Throughout the summer (through the generous contribution of many of you), the YEP’s have been employed as paid summer interns. Each YEP chose the project they wished to invest in, determining the skills they would learn, and how they would give back to their community.
Kimi went in expecting to find some good wood, maybe some useful cabinets, possibly a piece or two of original trim, but what Kimi found blew her mind. “We have to save it!" Kimi said in awe as she wondered around this pristine example of a 1920’s craftsman's house. “It was stunning, to say the least.”
When our board and staff attempt to identify the reason why Community enCompass exists, we end up with phrases like “Neighborhood Transformation,” and “SHALOM in the City.” Lofty dreams for a rag-tag team of people who are often stumbling towards good. The year-end process of digging through data always makes me wonder..... how will we know once we’ve arrived? How will we know when our neighborhoods have been transformed and we taste SHALOM?
Dozens of neighborhood teenagers spent their summers doing internships through the Youth Empowerment Project. The PAID internships created an opportunity of high school students to gain experience in the fields of youth work, agriculture, construction, and gardening, building interpersonal skills and developing their resumes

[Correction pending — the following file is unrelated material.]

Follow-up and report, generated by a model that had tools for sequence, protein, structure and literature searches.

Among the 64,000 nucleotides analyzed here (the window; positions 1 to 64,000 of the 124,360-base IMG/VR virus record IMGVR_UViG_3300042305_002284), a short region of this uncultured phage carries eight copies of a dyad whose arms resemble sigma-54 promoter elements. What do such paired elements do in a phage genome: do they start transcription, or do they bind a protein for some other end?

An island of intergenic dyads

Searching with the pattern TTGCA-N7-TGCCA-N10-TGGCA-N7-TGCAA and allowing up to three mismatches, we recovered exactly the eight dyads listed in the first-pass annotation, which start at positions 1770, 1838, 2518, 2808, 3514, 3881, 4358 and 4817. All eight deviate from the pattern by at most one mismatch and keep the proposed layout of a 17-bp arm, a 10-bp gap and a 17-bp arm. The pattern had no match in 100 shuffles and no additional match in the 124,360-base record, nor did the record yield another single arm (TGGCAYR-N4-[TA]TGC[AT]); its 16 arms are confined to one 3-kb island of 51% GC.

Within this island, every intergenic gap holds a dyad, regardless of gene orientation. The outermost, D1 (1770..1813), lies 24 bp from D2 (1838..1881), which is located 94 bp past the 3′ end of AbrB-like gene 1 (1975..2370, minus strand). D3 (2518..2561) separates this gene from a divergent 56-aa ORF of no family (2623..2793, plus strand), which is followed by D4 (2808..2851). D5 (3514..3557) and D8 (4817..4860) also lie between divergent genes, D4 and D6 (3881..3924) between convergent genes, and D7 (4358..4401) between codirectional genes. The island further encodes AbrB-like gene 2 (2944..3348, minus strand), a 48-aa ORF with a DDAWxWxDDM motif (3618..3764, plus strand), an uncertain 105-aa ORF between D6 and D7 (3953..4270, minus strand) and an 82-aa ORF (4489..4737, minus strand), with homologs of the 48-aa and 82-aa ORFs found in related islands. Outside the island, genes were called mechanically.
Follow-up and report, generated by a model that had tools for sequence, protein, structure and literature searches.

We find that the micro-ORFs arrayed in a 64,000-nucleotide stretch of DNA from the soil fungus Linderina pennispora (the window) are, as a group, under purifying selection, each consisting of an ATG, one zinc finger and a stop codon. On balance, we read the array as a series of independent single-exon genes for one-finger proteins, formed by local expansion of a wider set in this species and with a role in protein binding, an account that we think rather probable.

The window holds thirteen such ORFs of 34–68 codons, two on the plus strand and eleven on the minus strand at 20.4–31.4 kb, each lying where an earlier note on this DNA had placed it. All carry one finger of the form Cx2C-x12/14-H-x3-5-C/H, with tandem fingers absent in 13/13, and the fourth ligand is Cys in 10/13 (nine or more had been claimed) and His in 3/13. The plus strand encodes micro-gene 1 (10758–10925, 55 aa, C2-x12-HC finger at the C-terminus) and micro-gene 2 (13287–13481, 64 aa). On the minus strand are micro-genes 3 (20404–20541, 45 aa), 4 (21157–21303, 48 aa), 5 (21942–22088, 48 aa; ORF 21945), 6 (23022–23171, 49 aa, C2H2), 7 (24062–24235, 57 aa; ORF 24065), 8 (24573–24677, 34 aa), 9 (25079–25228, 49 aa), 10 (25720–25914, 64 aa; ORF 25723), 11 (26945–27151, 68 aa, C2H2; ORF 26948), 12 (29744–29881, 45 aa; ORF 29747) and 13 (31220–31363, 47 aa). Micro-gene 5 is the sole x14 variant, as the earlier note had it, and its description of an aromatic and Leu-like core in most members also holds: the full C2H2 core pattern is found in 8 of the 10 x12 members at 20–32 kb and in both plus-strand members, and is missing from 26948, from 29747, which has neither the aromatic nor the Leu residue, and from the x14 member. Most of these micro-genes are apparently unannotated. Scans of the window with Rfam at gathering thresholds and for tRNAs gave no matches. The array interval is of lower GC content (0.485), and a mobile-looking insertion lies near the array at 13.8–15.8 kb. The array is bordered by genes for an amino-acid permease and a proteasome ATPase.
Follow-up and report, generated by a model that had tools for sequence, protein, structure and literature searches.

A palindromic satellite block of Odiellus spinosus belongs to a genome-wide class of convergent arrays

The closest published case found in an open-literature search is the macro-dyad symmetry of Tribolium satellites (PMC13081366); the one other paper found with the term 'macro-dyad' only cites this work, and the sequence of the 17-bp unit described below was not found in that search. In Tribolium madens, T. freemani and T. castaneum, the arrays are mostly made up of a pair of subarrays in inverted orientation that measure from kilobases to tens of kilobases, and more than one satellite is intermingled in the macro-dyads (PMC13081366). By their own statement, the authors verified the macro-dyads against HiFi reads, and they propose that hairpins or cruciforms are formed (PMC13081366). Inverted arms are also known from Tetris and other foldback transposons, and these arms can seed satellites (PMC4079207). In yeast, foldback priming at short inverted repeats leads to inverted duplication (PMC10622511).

Nina has bounced from house to house for over a decade, taking the initiative and engaged the services provided by almost every social service organization in the City---food assistance, substance abuse programs, parenting classes. She’s rented a place before, but the rent was higher than what she could afford—sometimes 70% of her total income, and she always ended up evicted.
This summer, hundreds of volunteers have already partnered with our neighbors to invest time, money and effort along 5th and 6th Streets from Houston Avenue south into Muskegon Heights. The project activities have provided effects similar to that of a facelift, rejuvenating the existing physical built environment of our core city neighborhoods. These activities are lifting the spirits of those living in these neighborhoods as well, and allowing neighbors to show-off their amazing gifts of hospitality!
“When we look at a house like this we see history, we see story, we see family, we see value and hope. We see good bones.” A house like this makes no sense to any real estate investor. It’s not a house you can flip for profit. The current real estate values in Muskegon's core city neighborhoods don’t make a house like this profitable in any way. It took close to $60,000 in materials and necessary contracted work to bring this house back to life, and that's not accounting for the countless hours of volunteer work that have been put in.